In the comedy, The 40-Year-Old Virgin, a nerdy guy (Steve Carell) has never had sex with a woman. The idea of a guy being a virgin at forty is fodder for jokes. It also perpetuates the belief that a man still being a virgin at forty makes him a loser and not a real man.
As a forty-six-year-old virgin, I take issue with this. Not having had sex with a woman does not make me a loser, nor does it make me less of a man. The worth of a man should not be based on whether he has had sex or not. Besides, there are more important things in life to aspire to than sex. There is nothing wrong with wanting to experience it, but you have to put things in perspective.
Some disabled guys choose to use the services of prostitutes or escorts. As a younger guy I can't say I wouldn't have gone that route. I had my chances, especially while visiting Nevada and Amsterdam. To be honest, I had some regrets at those times. But, I'm glad I didn't go that route. I would prefer to have sex with a woman I know, and love.
It is possible that I may remain a virgin for the rest of my life. I am not pleased with this prospect, but that is life. My life is not over because of that. But, when a pleasure is denied, it is human nature to want to experience it.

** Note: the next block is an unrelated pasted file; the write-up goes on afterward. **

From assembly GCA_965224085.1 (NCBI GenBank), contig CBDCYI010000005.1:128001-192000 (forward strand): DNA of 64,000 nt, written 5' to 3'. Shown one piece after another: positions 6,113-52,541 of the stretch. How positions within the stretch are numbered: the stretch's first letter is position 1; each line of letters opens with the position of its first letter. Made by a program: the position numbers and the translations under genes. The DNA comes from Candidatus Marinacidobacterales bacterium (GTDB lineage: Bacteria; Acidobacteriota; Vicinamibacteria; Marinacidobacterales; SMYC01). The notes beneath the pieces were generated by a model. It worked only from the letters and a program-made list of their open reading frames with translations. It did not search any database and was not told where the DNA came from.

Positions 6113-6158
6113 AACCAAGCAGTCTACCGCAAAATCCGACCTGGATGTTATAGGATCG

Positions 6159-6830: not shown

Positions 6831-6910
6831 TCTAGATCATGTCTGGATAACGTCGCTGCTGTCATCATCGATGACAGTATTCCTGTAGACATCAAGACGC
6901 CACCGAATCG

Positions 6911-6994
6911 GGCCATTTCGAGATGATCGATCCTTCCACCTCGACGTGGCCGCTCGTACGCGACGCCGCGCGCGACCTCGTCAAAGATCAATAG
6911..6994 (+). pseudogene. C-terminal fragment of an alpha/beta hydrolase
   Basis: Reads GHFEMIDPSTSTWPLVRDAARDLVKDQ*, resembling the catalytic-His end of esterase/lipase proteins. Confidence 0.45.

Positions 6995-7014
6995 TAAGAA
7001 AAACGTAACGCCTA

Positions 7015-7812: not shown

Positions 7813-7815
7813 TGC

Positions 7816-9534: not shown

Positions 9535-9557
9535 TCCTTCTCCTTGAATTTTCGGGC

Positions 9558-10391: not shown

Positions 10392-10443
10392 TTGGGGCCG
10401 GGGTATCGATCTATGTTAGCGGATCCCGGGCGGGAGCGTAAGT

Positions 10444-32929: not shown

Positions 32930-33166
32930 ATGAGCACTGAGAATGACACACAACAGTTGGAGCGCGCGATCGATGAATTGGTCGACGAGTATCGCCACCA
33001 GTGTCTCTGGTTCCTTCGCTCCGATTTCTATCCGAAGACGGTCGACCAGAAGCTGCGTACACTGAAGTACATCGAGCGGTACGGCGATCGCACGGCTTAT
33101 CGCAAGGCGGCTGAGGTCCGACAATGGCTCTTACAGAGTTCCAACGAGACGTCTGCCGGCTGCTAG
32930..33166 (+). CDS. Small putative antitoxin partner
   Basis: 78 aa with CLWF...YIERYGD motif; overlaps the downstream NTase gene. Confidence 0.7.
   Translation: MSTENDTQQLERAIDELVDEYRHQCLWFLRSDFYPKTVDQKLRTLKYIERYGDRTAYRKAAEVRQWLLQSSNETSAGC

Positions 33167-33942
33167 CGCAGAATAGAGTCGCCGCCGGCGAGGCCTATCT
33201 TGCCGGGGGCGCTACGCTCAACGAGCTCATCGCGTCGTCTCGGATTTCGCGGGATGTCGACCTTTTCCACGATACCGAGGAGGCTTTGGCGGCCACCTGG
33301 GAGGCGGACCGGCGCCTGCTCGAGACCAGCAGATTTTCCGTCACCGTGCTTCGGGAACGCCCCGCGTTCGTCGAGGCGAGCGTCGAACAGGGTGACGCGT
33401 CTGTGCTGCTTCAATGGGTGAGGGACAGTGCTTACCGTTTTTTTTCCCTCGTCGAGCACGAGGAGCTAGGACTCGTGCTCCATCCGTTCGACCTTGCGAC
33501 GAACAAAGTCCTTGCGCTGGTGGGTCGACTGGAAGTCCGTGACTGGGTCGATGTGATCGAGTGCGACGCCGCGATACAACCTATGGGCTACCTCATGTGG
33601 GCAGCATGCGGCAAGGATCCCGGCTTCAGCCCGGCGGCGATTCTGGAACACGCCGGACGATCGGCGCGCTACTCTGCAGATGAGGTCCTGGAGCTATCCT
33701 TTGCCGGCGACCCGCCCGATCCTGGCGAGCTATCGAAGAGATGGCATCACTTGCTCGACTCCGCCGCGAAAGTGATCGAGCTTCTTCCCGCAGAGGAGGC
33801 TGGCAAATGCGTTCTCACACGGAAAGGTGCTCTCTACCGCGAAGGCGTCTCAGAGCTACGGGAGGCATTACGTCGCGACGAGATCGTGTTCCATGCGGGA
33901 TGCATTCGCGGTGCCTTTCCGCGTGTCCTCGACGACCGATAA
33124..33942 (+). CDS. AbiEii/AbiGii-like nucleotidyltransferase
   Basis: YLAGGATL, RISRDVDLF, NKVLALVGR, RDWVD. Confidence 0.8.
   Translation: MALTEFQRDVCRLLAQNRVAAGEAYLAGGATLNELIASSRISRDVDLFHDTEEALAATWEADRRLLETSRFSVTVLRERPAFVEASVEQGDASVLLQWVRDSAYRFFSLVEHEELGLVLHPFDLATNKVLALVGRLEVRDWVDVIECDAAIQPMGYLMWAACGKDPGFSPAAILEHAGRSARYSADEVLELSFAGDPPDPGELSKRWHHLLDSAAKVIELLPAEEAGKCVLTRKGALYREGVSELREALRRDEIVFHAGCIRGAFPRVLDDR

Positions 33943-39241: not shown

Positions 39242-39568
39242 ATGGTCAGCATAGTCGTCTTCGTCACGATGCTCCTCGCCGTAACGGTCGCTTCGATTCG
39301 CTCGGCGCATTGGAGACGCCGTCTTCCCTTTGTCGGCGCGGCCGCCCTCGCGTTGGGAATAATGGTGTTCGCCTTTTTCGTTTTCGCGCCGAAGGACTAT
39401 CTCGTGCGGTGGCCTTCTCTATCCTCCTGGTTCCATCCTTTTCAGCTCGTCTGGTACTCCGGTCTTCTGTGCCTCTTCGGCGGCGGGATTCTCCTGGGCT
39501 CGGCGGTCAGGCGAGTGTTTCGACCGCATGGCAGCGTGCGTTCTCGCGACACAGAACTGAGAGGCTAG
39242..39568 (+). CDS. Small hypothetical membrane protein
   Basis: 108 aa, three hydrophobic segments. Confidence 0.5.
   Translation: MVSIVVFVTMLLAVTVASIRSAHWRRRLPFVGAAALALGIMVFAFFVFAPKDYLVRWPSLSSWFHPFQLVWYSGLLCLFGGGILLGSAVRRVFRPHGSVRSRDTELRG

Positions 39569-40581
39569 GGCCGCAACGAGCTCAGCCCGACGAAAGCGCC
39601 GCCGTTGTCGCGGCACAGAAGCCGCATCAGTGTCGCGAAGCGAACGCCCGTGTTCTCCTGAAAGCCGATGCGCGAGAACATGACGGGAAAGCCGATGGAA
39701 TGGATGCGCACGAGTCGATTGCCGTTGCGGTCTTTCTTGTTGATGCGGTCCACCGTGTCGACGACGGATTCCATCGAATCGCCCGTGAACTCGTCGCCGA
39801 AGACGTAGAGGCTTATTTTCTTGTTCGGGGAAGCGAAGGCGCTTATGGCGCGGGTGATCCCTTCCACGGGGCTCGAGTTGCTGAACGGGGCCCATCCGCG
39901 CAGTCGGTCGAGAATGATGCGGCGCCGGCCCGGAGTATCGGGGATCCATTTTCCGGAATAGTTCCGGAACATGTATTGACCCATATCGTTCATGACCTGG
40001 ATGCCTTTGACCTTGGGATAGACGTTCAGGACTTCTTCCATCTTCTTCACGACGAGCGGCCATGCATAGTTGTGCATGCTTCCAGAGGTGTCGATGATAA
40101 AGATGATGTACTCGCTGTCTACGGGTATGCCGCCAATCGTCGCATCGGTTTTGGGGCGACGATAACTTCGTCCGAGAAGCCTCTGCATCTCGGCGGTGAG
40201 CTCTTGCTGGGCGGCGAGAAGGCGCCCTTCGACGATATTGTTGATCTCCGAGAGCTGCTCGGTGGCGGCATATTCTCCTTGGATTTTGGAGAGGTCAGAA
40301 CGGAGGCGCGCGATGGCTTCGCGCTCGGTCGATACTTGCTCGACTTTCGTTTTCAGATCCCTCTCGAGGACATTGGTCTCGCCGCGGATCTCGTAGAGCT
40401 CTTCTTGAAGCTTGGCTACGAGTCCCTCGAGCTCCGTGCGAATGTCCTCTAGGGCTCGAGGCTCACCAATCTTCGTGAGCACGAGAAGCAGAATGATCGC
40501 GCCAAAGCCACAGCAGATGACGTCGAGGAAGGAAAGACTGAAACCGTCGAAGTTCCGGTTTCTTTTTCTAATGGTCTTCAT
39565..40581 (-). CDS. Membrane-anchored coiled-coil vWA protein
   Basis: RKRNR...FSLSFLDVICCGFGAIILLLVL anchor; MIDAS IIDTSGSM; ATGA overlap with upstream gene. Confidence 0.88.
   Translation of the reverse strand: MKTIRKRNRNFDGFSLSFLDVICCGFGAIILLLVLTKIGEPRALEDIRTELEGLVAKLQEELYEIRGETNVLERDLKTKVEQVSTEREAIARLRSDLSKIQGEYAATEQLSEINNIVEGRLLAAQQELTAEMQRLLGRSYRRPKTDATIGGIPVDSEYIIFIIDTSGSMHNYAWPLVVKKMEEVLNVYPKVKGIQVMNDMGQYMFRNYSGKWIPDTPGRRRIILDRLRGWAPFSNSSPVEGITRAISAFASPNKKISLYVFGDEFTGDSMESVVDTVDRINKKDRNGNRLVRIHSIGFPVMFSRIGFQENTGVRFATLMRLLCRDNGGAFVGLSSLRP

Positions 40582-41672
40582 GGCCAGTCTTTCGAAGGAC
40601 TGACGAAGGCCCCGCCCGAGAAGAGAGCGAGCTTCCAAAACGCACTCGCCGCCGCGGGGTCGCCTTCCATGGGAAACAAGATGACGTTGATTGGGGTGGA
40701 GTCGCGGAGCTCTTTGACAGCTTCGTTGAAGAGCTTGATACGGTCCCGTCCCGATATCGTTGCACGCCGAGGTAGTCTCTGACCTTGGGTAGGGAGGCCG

Monday, March 23, 2015
Friday, March 13, 2015
On March 10th, my friend, Chris Webb died at the age of forty-seven. It is a loss to all who knew him, as well as to the whole Duchenne muscular dystrophy community. I never saw Chris in person. He lived across the country in Stoughton, Massachusetts in a rehab hospital, where he lived for the past twenty-five years. I made his acquaintance through an internet group called DMD Pioneers. We communicated via internet chat. Like me, he was ventilator-dependent. We shared our experiences, and feelings about living with DMD and being vent-dependent. He was a kind, and down-to-earth person. Though he had his struggles, frustrations, and down days, he continued to soldier on. His fighting spirit kept him going, as well as his passion for heavy metal music. He was preparing to break free from the isolation of the rehab hospital and move in to a group home. Though he had some fear, and trepidation about this move, he moved forward towards his freedom. He didn't make it, but he had hope to keep him going. Chris fought the good fight until the end. Farewell, my friend!
Monday, March 09, 2015
Do you prefer that people ask about your disability, or is that rude?
I don't mind when people ask me about my disability. It is a great way to educate people about disability and to break down barriers between the disabled and non-disabled. I feel it is only rude when a person asks questions about my disability without introducing themselves and making some normal conversation first. It is also rude for a stranger to ask deeply personal, or embarrassing questions. Most people would not want strangers to ask about their sex lives, or bowel movements, for example.